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Bigfoot Was Investigated by the FBI. Here's What They Found

June 6, 2019 in History

By Becky Little

Legends of large, ape-like beasts can be found all over the world. Since the 1950s, the United States’ version of this has been “Bigfoot.” And since 1976, the FBI has had a file on him.

That year, Director Peter Byrne of the Bigfoot Information Center and Exhibition in The Dalles, Oregon, sent the FBI “about 15 hairs attached to a tiny piece of skin.” Byrne wrote that his organization couldn’t identify what kind of animal it came from, and was hoping the FBI might analyze it. He also wanted to know if the FBI had analyzed suspected Bigfoot hair before; and if so, what the bureau’s conclusion was.

Hair samples sent into the FBI for testing, believed to be from Bigfoot.

At the time, “Byrne was one of the more prominent Bigfoot researchers,” says Benjamin Radford, deputy editor of Skeptical Inquirer magazine. “In 2019, a lot of people think of Bigfoot as being sort of silly and a joke, or whatever else. But in the 1970s, Bigfoot was really, really popular. That was when The Six Million Dollar Man had a cameo by Bigfoot” (in which André the Giant played Bigfoot).

Jay Cochran, Jr., assistant director of the FBI’s scientific and technical services division, wrote back to Byrne that he couldn’t find any evidence of the FBI analyzing suspected Bigfoot hair, and that the FBI usually only examined physical evidence related to criminal investigations. Still, it sometimes made exceptions “in the interest of research and scientific inquiry,” and Cochran said he’d make such an exception for Byrne.

READ MORE: People Have Been Chasing Bigfoot for 60 Years—Here’s How It Began

Unsurprisingly, Cochran found that the hair didn’t belong to Bigfoot. In early 1977, he sent the hair back to Byrne along with his scientific conclusion: “the hairs are of deer family origin.” Four decades later, the bureau declassified its “Bigfoot file” about this analysis.

The FBI’s official Bigfoot testing results.

To be clear, this is not evidence that the FBI endorsed the existence of Bigfoot, any more than the U.S. military’s decades-long investigation of unexplained aerial phenomena, popularly known as UFOs, is an endorsement of the existence of aliens.

“All it means is the FBI did a favor to a Bigfoot researcher,” Radford says. “There’s nothing wrong with that, but it shouldn’t be mistaken for de facto government endorsement of the reality of Bigfoot.” Even …read more


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7 Surprising Facts About D-Day

June 6, 2019 in History

By Editors

D-Day was a historic World War II invasion, but the events of June 6, 1944 encompassed much more than a key military victory.

The legacy of D-Day resonates through history: It was the largest-ever amphibious military invasion. Allied forces faced rough weather and fierce German gunfire as they stormed Normandy’s coast. Despite tough odds and high casualties, Allied forces ultimately won the battle and helped turn the tide of World War II toward victory against Hitler’s forces.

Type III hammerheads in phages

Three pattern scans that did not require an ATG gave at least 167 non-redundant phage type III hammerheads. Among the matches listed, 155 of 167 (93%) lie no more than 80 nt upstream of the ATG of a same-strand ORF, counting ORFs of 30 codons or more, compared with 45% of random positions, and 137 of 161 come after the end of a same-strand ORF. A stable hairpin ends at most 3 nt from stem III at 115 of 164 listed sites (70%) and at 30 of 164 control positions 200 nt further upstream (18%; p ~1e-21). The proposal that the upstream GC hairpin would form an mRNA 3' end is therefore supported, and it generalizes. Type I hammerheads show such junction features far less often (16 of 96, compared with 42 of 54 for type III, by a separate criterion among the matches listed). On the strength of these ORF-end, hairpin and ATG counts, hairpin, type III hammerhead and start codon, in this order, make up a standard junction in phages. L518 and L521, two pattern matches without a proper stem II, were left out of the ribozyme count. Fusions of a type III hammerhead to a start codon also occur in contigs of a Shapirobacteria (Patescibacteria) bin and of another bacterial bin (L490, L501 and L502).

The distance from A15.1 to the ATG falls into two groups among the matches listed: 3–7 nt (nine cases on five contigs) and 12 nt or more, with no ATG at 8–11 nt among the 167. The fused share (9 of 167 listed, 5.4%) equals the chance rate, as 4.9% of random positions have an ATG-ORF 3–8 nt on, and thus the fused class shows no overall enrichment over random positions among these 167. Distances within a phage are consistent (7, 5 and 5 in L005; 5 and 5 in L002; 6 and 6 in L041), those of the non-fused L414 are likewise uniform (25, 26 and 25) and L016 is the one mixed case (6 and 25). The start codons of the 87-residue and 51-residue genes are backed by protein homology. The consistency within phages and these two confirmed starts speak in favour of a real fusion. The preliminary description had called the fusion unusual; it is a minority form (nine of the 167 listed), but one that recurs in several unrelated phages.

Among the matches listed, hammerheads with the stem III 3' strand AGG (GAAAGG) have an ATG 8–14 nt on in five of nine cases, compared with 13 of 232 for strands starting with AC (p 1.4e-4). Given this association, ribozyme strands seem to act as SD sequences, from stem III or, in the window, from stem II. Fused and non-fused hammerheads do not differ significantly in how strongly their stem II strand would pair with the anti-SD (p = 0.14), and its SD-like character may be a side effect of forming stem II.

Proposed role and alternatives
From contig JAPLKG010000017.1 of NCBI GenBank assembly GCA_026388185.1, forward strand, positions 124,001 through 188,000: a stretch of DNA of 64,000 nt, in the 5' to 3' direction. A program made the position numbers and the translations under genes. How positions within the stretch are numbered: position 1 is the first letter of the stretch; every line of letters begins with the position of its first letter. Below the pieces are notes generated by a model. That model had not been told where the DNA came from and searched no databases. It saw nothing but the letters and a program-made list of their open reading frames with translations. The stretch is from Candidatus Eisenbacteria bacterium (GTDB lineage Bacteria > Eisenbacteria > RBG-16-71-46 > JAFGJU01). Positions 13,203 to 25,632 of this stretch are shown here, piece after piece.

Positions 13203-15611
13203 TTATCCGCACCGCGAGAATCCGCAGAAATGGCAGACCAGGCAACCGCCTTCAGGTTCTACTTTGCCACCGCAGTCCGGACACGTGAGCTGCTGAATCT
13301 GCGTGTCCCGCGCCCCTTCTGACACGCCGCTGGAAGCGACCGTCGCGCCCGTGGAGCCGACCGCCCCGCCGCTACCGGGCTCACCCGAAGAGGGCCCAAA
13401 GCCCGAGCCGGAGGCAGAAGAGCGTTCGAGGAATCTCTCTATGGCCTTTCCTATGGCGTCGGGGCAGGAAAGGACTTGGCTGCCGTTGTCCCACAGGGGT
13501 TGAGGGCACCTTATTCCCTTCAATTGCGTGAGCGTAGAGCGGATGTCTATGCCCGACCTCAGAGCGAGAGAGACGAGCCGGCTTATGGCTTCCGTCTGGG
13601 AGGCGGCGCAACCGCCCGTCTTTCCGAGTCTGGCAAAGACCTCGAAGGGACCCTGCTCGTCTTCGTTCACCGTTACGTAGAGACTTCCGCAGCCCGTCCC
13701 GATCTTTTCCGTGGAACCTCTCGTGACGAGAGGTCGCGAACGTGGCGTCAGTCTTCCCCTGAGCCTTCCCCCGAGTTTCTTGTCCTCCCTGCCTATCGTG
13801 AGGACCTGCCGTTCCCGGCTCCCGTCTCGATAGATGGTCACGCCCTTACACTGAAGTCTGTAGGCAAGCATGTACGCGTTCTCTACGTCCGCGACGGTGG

But there are some aspects from D-Day that may not be as well known. Among them: Hitler’s miscalculations, a hero medic who has still not received official recognition, and the horror faced by a 19-year-old coastguardsman as he followed a tough command. Here are some lesser-known stories about the invasion of Normandy on June 6, 1944.

1. Eisenhower threatened to quit just months before D-Day.

Winston Churchill and Dwight D. Eisenhower

Just a few months before the D-Day invasion, Supreme Allied Commander Dwight D. Eisenhower and English Prime Minister Winston Churchill were at odds over a controversial plan. Eisenhower wanted to divert Allied strategic bombers that had been hammering German industrial plants to instead begin bombing critical French infrastructure.

For Eisenhower, the switch in bombing seemed like a no-brainer. But others, including Churchill and Arthur “Bomber” Harris, head of the Royal Air Force’s strategic bomber command, didn’t see it that way. Harris saw the plan as a waste of resources, while Churchill was concerned about collateral damage to France—an important ally. Facing this opposition, Eisenhower threatened to step down from his position.

The move worked, the bombing plan went ahead and, historians argue, Eisenhower showed the depth of his dedication to making D-Day a successful operation and defeating the Nazis.

Read more here.

2. Hitler thought he was ready–but Nazi defenses were focused in the wrong place.

Adolf Hitler arriving at the Berlin Sportpalast, being greeted by Nazi salutes, circa 1940.

As early as 1942, Adolf Hitler knew that a large-scale Allied invasion of France could turn the tide of the war in Europe. But thanks in large part to a brilliant Allied deception campaign and Hitler’s fanatical grip on Nazi military decisions, the D-Day invasion of June 6, 1944 became precisely the turning point that the Germans most feared. In 1942 Germany began construction on the Atlantic Wall, a 2,400-mile network of bunkers, pillboxes, mines and …read more


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The Latest Balkans Breakdown Is None of Washington’s Business

June 6, 2019 in Economics

By Doug Bandow

Doug Bandow

The Balkans has regained its reputation as a geopolitical black
hole. Kosovo recently deployed armored vehicles to arrest ethnic
Serbs in the north for alleged smuggling. Ethnic Albanian police,
meanwhile, have clashed with ethnic Serb civilians, which Serbian
government official Marko Djuric called a threat to stability and